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In the pawprints of faithful Gelert

In the pawprints of faithful Gelert

Nestled in the heart of Snowdonia National Park, the picturesque village of Beddgelert is home to one of Wales' most enduring and poignant legends—the story of Gelert. This heart-wrenching tale has captured the imagination of generations, leaving a lasting mark on the culture and history of the region. 

The legend of Gelert is part of the rich tapestry of Welsh folklore. As the story goes, Llywelyn the Great, King of Gwynedd and Prince of Wales, was an avid hunter who often ventured into the surrounding hills and valleys with his loyal and beloved dog, Gelert. Gelert was no ordinary hound; he was a courageous and faithful companion who had saved Llywelyn from many dangers during their hunting expeditions.

One day, Llywelyn decided to leave Gelert behind at home when he set out on a hunt. The prince's decision was prompted by concern for his infant son, sleeping in his cot inside a ground floor room. Leaving Gelert behind to guard the child, Llywelyn and his companions rode off determined to enjoy a day of hunting.

However, when he returned to his home later that day, Llywelyn was met by a happy, wagging Gelert, but the hound's muzzle was stained with blood. Rushing to his son's room, Llywelyn found the cradle was overturned and the baby's blankets in tatters. Overwhelmed by a rush of fear and anger, Llywelyn believed that his loyal hound had savagely attacked his son. In his grief and rage, Llywelyn unsheathed his sword and struck down Gelert, ending the life of his most faithful companion.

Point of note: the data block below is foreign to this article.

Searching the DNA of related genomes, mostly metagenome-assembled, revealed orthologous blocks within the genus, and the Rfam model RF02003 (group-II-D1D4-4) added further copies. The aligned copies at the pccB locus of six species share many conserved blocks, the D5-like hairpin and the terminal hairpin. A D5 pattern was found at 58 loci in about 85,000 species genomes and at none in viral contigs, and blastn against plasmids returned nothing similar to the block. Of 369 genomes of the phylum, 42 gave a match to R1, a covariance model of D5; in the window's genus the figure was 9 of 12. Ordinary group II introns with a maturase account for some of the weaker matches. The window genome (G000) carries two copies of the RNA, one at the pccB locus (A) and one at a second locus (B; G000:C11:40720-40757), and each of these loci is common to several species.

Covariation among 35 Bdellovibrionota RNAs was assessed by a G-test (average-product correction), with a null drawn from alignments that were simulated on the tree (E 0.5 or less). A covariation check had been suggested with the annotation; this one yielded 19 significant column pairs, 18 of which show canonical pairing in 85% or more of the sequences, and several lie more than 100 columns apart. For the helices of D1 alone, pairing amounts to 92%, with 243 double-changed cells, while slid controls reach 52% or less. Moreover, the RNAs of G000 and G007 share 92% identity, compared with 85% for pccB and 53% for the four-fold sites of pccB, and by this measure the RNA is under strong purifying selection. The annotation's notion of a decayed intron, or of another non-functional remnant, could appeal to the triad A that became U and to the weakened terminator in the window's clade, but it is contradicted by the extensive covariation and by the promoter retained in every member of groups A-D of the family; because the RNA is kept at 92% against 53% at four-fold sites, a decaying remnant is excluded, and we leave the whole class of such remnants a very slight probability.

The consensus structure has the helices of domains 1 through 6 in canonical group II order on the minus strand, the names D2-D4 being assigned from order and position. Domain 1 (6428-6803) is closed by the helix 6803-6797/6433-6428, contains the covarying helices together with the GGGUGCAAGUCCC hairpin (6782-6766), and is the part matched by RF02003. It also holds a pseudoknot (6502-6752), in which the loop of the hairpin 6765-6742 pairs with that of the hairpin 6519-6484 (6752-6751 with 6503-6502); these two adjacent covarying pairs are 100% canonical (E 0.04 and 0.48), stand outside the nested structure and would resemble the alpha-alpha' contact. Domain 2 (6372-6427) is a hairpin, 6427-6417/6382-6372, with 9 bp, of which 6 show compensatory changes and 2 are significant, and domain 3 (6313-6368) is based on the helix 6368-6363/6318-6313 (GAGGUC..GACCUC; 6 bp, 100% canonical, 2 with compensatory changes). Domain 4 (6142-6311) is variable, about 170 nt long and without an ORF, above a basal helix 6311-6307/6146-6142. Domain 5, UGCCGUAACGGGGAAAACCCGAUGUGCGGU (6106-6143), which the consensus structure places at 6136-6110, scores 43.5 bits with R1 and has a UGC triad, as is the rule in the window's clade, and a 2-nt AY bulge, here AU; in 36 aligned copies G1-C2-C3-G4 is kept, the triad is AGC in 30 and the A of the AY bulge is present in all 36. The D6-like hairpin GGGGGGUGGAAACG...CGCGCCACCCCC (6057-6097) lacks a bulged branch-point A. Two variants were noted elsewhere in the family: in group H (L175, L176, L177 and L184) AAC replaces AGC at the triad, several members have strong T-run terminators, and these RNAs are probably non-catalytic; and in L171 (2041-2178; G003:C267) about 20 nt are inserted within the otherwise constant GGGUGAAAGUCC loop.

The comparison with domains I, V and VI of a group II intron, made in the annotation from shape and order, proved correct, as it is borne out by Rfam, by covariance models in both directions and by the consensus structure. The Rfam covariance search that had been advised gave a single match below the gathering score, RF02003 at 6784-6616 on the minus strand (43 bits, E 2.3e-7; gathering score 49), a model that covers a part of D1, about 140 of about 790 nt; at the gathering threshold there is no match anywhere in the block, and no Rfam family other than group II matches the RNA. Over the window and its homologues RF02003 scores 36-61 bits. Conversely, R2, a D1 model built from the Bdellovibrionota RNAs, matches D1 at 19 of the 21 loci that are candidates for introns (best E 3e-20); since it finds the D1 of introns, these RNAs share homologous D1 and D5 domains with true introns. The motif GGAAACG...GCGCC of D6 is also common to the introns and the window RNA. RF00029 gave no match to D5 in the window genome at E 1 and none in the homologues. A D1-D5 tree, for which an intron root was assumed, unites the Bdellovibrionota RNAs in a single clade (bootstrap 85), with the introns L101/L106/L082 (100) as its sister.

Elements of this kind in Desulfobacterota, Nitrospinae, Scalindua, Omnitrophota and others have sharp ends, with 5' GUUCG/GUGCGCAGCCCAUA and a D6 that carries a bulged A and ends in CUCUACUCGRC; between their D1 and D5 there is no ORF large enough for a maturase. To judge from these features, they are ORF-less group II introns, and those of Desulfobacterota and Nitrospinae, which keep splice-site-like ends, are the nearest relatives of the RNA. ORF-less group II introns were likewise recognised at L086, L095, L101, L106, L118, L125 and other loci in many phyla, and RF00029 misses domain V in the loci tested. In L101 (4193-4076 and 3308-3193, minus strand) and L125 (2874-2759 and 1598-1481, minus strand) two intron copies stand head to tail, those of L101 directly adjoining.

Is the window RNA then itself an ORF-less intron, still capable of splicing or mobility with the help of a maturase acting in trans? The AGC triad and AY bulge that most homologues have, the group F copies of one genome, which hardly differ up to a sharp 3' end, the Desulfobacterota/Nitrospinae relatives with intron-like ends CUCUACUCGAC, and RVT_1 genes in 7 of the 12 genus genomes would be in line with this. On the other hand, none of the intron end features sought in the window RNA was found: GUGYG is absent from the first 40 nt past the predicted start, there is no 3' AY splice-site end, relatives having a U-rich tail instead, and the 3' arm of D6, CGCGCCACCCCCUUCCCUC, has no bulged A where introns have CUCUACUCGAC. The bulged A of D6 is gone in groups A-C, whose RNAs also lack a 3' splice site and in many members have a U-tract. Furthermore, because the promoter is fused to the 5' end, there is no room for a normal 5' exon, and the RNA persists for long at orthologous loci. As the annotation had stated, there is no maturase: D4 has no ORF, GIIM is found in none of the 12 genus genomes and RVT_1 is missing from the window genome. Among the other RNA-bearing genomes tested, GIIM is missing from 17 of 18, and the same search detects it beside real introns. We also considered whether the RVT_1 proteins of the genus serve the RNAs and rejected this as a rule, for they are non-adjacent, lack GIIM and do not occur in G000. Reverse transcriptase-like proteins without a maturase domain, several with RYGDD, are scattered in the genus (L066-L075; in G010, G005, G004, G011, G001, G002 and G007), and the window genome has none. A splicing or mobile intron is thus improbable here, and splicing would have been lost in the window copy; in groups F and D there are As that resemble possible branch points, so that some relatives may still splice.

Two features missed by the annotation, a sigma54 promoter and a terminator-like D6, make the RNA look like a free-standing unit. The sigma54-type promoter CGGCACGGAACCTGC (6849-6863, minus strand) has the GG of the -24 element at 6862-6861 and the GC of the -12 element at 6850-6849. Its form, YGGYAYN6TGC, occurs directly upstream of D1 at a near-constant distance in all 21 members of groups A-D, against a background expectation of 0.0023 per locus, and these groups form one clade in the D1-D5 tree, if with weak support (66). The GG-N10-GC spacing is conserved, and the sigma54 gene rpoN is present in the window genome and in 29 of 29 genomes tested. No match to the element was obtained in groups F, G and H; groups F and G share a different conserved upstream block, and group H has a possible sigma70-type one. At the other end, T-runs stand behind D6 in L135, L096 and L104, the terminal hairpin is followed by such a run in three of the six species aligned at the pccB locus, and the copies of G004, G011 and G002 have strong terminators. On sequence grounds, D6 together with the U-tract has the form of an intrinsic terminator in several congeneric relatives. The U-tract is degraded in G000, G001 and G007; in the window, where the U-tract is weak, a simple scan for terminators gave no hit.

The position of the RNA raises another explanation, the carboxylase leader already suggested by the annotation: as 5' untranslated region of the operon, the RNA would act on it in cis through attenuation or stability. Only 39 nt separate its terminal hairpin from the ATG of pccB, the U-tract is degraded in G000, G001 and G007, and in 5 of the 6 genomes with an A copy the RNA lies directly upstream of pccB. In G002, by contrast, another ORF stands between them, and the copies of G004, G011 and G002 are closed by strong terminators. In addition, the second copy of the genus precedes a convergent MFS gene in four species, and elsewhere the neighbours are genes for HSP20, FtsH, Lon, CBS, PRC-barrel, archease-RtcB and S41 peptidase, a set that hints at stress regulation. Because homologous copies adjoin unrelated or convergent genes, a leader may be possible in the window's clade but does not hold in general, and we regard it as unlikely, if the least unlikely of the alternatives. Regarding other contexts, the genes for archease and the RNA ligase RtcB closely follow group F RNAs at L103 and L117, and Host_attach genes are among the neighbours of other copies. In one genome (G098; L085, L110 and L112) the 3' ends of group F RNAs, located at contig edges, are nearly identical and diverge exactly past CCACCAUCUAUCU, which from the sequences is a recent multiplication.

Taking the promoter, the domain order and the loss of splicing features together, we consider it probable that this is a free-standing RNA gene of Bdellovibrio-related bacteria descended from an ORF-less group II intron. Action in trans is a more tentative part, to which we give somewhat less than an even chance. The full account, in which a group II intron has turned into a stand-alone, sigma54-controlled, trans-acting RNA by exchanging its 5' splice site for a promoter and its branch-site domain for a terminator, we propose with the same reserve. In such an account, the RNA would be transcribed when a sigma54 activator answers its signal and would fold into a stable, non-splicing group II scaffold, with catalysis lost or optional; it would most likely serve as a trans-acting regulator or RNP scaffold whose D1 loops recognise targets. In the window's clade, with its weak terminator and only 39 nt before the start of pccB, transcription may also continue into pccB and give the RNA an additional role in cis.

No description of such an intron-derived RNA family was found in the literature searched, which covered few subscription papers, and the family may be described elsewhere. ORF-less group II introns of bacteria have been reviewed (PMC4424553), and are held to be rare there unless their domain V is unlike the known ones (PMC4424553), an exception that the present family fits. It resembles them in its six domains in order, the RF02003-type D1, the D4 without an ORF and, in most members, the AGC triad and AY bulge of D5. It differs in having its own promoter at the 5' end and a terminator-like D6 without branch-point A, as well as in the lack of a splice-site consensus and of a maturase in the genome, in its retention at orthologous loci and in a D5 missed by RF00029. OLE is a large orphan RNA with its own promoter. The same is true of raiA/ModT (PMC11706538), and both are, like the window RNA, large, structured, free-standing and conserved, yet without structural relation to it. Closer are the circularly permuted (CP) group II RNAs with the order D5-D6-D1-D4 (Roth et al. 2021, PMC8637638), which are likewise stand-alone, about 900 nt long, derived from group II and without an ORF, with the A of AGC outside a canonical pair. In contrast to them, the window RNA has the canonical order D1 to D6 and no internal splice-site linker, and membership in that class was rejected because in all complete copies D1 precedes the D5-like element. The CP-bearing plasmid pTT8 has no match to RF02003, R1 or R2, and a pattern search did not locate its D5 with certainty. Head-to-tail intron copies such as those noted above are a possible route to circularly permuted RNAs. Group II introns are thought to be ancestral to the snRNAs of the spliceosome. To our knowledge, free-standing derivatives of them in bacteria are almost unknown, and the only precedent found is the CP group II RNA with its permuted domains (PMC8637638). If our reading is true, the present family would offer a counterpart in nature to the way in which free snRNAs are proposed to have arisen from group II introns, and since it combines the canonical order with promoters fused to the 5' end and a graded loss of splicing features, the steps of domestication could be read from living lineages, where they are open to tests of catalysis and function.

Almost immediately, Llywelyn heard the cry of a baby. He overturned the cradle to find his son safe and well. Nearby was the body of a dead wolf. Llywelyn realised, too late, that Gelert had not harmed the child; he had protected the infant from a wolf that had entered the home and sought to kill the prince's son.

Llywelyn was overcome with grief, but the deed had been done. All he could do was to bury Gelert with all due ceremony, and the village was renamed Beddgelert, meaning "Gelert's Grave" in Welsh, to honour the memory of the faithful hound.

This is a truly sad story, but it is just a story. According to experts the "faithful hound folk-tale motif" originated in India and has since spread all over the world. The story of Gelert has captured the hearts of countless people and many visitors come to Beddgelert to pay their respects every year. The legend has been passed down through the generations and remains an integral part of the cultural heritage of Wales.

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